Red Hat pulls the kill switch on CentOS
In an abrupt announcement, CentOS developers announced that CentOS 8 will not build over RHEL 8 after the end of 2021. The rolling-release CentOS Stream will continue in its stead. In this article we’ll take a look at what’s happening, what’s changing, what’s staying and everything else you may want to know if you use CentOS.
What is CentOS?
CentOS stands for Community ENTerprise Operating System. For years it has been a RPM-based distribution that aimed to be binary-compatible with RHEL (Red Hat Enterprise Linux): the commercial distribution from Red Hat. The project was mostly an independent one that provided with people who didn’t need or couldn’t afford Red Hat support getting started with a rock-solid operating system. In 2014 Red Hat announced it had joined forces with the CentOS team to build the next CentOS.
What is happening?
As CentOS developers announced (I apologize for the clickbait), CentOS 8 which was to be EOL’d in 2029 will instead cease to be after the end of 2021. Its successor is CentOS Stream a rolling release distribution that aims to close the gap between the ancient rock-solid CentOS and the quickly changing IT landscape. Most importantly, CentOS Stream will be an upstream release (patches gets in Stream earlier than RHEL), while CentOS as it has been now was a downstream release (patches gets in RHEL and subsequently in CentOS).
While this decision has been taken by CentOS developers, many people have stigmatized it claiming that it is a “breach of trust” between Red Hat and the community. To many this comes as no surprise after IBM acquired Red Hat. This move is interpreted as a clear intention of IBM/RH to monetize existing CentOS systems by forcing the upgrade to RHEL.
What is staying?
The three major players are still there: RHEL, CentOS Stream and Fedora. While the relationship between RHEL and Fedora has always been clearly defined, and Fedora has always been under Red Hat wing, the position of the new CentOS Stream is not really clear. CentOS has always been chosen by many as a crash-proof, hassle-free operating system. Introducing a rolling release distribution in a mission-critical environment will, of course, attract dissent.
After the 31st December 2021, CentOS 8 won’t be based on RHEL 8 any more, instead CentOS Stream 8 will have a little delta from its predecessor. Needless to say, that delta will continue increasing and only time will tell how much they will diverge.
Why is this a problem?
For most users CentOS is a community project, while the decision has been taken by CentOS it is inevitable for some to think that Red Hat pulled some string.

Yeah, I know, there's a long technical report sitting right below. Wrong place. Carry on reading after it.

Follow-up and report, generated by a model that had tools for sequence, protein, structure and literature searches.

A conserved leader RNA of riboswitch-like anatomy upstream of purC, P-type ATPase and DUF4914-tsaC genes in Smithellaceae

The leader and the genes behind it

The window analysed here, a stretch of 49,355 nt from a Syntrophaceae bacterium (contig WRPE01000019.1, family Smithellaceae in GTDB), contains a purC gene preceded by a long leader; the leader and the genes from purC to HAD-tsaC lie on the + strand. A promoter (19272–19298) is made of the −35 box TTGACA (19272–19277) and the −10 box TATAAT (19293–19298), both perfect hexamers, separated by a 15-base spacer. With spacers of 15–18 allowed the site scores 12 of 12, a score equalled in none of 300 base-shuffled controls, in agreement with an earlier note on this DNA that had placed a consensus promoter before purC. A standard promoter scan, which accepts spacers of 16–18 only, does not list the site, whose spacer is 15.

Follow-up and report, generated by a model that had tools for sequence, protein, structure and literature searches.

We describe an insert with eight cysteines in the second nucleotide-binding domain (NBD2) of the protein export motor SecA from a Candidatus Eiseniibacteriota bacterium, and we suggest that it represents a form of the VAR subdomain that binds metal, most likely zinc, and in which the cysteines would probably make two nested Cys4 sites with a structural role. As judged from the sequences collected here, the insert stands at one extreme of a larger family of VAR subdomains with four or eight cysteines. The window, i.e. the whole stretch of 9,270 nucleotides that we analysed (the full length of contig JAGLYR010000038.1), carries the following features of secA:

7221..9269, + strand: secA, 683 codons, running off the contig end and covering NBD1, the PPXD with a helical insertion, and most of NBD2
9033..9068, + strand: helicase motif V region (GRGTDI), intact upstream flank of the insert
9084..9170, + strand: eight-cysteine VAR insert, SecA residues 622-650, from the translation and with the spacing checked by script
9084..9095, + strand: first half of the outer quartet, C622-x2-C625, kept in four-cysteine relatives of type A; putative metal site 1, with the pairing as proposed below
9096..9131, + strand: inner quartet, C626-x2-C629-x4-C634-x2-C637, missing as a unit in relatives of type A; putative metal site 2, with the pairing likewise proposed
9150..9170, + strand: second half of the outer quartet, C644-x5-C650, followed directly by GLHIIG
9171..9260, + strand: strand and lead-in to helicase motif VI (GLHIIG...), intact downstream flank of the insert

Having a reliable operating system that has just been released (some people will have it in production by now) reach an anticipated end-of-life is already a difficult thing to digest, but perhaps the worst that comes from this decision is the breach of trust that has been inevitably created.
Many people think that the move, allegedly by Red Hat, is just to monetize over many people “skimming” over RH support by using CentOS. Although this position is perfectly understandable, Red Hat has always contributed to the open source community, think of Ansible, OpenStack, Kubernetes, OpenShift and many other projects.
What’s happening after 31st December 2021?
According to CentOS developers (bold added):
When CentOS Linux 8 (the rebuild of RHEL8) ends, your best option will be to migrate to CentOS Stream 8, which is a small delta from CentOS Linux 8, and has regular updates like traditional CentOS Linux releases. If you are using CentOS Linux 8 in a production environment, and are concerned that CentOS Stream will not meet your needs, we encourage you to contact Red Hat about options.
The former is the distribution used by CloudLinux: a very popular platform for Linux Ops geared towards cloud environments. In the announcement CloudLinux developers announced that they will be open-sourcing their RHEL fork distribution and they will support it until 2029, the previous CentOS 8 EOL date. CloudLinux developers also affirmed that it will be possible to switch from CentOS 8 in any moment by just running a script.
Rocky Linux, on the other hand, is a completely new distribution created to fill the void left behind by CentOS. As of writing this article however, Rocky Linux is but a GitHub page with a promise to be what CentOS used to be.
CentOS Stream remains a viable alternative for the future, albeit with different assumptions. This “intended” alternative will most likely be, much like the CloudLinux one, carried out through a script.
A personal note
I understand that Red Hat is a commercial company that seeks profit, however I can’t but feel worried about the future of the whole open source ecosystem after this move. I too share the feeling, with many fellow sysadmins around the net, that this move has more to do with Red Hat than CentOS developers let on.
I have been saying this for a while, especially after looking at what happened between OpenShift and OKD. I could say I saw this coming but I’d be lying. I would have never thought this would happen, however pointers were there long before this decision was taken. Without the Red giant, the open source ecosystem will creak.
I admittedly wrote a clickbait, however it portrayed well what I wanted to convey. Even if Red Hat or IBM had nothing to do with this decision, the CentOS project is essentially dead, unless something else inverts the inevitable. Trust is a rare thing, and computer scientists do know well about this, maybe it is not just some philosophical concept.
If men define situations as real, they are real in their consequencesThomas theorem (1928) – William Isaac Thomas, Dorothy Swaine Thomas
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